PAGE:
Order for £11.69 (free p&p) from the Independent Bookshop: 08430 600 030
Ways of Going Home, By Alejandro Zambra. Granta, £12.99
Tuesday 29 January 2013
Alejandro Zambra's first novel, Bonsai, brought the young Chilean poet international fame. It was followed by The Private Lives of Trees, which retained interest in the author. In this, his third and longest – but still very short – novel, translated by Megan McDowell, Zambra uses the ploy of describing the author at work on his new book which, needless to say, is the one we are reading. Zambra adopted similar metafictional devices in its two predecessors.
The new novel evokes a wry and somewhat precious romanticism, with the central love affair subject to the corrosive influences of memory. Zambra shifts between the narrative present and revisiting a comfortable upbringing during difficult times. The most powerful passage concerns a meeting with his parents during the 2010 Chilean elections, when the narrator's father comes out with the line his son most dreads hearing: "Pinochet was a dictator and all that, he killed some people, but at least back then there was order."
The most provocative idea in the book is the claim that the generation of Chileans born, like Zambra, in the years immediately following the coup of 1973 is composed of "secondary characters". Our young hero suffers a vague sense of guilt at having been felicitously spared a personal legacy from those years of torture, disappearances and exile.
But Zambra's narrator seems muddled as to what precisely his generation's anomie involves. He describes his peer group as: "deserters, I think. We've become war correspondents, tourists." This leaves the reader wondering, well, which are you exactly: a deserter, a war correspondent or a tourist? There is a hell of a difference, and the author's unwillingness to differentiate indicates either laziness or a lack of interest in his own thesis.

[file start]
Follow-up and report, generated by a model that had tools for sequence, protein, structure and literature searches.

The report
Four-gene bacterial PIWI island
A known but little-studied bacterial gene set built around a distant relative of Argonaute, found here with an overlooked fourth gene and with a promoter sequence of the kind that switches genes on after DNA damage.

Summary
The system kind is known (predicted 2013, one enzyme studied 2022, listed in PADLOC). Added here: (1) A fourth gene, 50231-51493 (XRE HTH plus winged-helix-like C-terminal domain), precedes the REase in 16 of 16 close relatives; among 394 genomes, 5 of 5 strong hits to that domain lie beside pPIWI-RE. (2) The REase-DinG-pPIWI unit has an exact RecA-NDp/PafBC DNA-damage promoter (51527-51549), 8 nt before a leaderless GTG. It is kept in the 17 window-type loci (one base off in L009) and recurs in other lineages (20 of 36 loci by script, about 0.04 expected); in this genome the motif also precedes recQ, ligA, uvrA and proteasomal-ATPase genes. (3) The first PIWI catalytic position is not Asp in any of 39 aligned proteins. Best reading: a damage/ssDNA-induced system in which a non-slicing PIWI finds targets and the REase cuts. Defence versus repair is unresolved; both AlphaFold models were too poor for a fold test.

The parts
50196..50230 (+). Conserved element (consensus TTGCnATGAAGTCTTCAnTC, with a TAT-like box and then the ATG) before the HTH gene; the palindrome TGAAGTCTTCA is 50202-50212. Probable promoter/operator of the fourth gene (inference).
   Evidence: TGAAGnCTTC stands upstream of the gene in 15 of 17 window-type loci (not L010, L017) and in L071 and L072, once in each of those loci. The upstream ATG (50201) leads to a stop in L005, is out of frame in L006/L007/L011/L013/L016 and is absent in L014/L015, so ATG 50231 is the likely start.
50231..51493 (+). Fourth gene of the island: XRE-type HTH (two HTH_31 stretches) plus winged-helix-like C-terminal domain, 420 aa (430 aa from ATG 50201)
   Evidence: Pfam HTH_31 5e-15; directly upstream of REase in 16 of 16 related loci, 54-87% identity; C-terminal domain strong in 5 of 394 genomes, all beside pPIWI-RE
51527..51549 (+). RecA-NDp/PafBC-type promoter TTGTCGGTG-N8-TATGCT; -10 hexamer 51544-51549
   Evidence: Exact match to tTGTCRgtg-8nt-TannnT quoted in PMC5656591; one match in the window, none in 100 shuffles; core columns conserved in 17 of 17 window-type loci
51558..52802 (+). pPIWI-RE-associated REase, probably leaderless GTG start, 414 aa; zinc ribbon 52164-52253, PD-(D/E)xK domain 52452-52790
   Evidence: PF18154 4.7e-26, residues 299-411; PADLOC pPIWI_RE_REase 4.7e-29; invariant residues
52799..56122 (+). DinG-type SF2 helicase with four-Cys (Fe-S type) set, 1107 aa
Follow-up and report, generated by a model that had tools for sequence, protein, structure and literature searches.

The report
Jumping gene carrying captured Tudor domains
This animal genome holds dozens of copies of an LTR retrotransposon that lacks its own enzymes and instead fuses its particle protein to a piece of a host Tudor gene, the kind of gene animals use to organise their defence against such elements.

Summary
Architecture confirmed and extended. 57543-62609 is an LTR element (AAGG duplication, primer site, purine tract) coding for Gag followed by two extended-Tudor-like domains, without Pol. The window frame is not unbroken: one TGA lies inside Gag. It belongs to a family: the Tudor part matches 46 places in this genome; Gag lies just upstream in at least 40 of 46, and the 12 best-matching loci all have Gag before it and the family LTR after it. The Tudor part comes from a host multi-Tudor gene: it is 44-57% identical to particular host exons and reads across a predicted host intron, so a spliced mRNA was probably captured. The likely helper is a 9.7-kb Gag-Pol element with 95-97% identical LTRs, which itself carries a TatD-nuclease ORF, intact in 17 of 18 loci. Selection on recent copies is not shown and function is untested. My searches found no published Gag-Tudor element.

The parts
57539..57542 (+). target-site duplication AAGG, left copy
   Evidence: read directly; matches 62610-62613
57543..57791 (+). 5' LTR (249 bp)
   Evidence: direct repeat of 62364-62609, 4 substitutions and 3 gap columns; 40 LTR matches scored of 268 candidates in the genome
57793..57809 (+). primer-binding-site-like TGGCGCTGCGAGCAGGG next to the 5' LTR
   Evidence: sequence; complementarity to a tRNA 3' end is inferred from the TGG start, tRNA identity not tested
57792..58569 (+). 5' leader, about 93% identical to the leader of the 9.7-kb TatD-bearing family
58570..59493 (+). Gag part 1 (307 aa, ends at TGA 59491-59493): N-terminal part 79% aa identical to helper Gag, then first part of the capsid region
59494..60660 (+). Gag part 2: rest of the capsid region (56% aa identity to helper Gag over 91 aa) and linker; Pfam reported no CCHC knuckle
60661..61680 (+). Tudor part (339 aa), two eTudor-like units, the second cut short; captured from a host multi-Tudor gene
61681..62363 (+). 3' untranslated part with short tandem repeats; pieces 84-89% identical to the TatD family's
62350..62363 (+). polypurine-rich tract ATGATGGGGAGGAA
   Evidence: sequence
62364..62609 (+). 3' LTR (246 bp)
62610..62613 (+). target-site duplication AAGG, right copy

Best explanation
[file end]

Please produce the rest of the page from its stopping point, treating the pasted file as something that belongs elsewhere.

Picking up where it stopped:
Zambra at his best offers an intimate recognition of his central characters, and he can evoke a setting succinctly. He works confidently within his preferred formula, but we can't escape the conclusion that Ways of Going Home is overly self-referential, and lacking depth or acuity. It is a readable but ultimately frustrating story aimed, like Bonsai, at a young adult market.
Children's bookseller wins The Independent's new author search
ReviewThese heroes in a half shell should have been left in hibernation
Arts & Ents blogs
- 1 Jack the Ripper: Scientist who claims to have identified notorious killer has 'made serious DNA error'
- 2 Banksy arrest hoax: Internet duped by fake online report claiming artist's identity has been revealed
- 3 Former East 17 frontman Brian Harvey turns up at Downing Street and 'demands to speak to Prime Minister'
- 4 Kentucky gang rape: 15-year-old boy left in critical condition after sexual attack by group at party
- 5 Paralysed man Darek Fidyka walks again after treatment by British doctors on brink of 'cure'
James Blunt finally admits the truth: 'You're Beautiful' is annoying
Downton Abbey review series 5, episode 5: Period drama falls disappointingly flat
Star Wars Episode 7 has almost finished filming
Fury, film review: Brad Pitt is intriguing as unsympathetic war hero
Batman v Superman: Side-kick Robin to be 'woman played by Jena Malone'
Cameron is warned 'no possibility' of UK reducing immigration and that bid to bring in quota on migrant workers would be illegal
Residents should throw a street party and mix with immigrant neighbours, councils told
Russell Brand threatened with arrest after filming outside Fox News headquarters
London bus driver 'kicks gay couple off for kissing'
Jose Manuel Barroso warns David Cameron against making 'historic mistake' over immigration reforms
Worst Airports of 2014: Poll names Islamabad airport in Pakistan worst in the world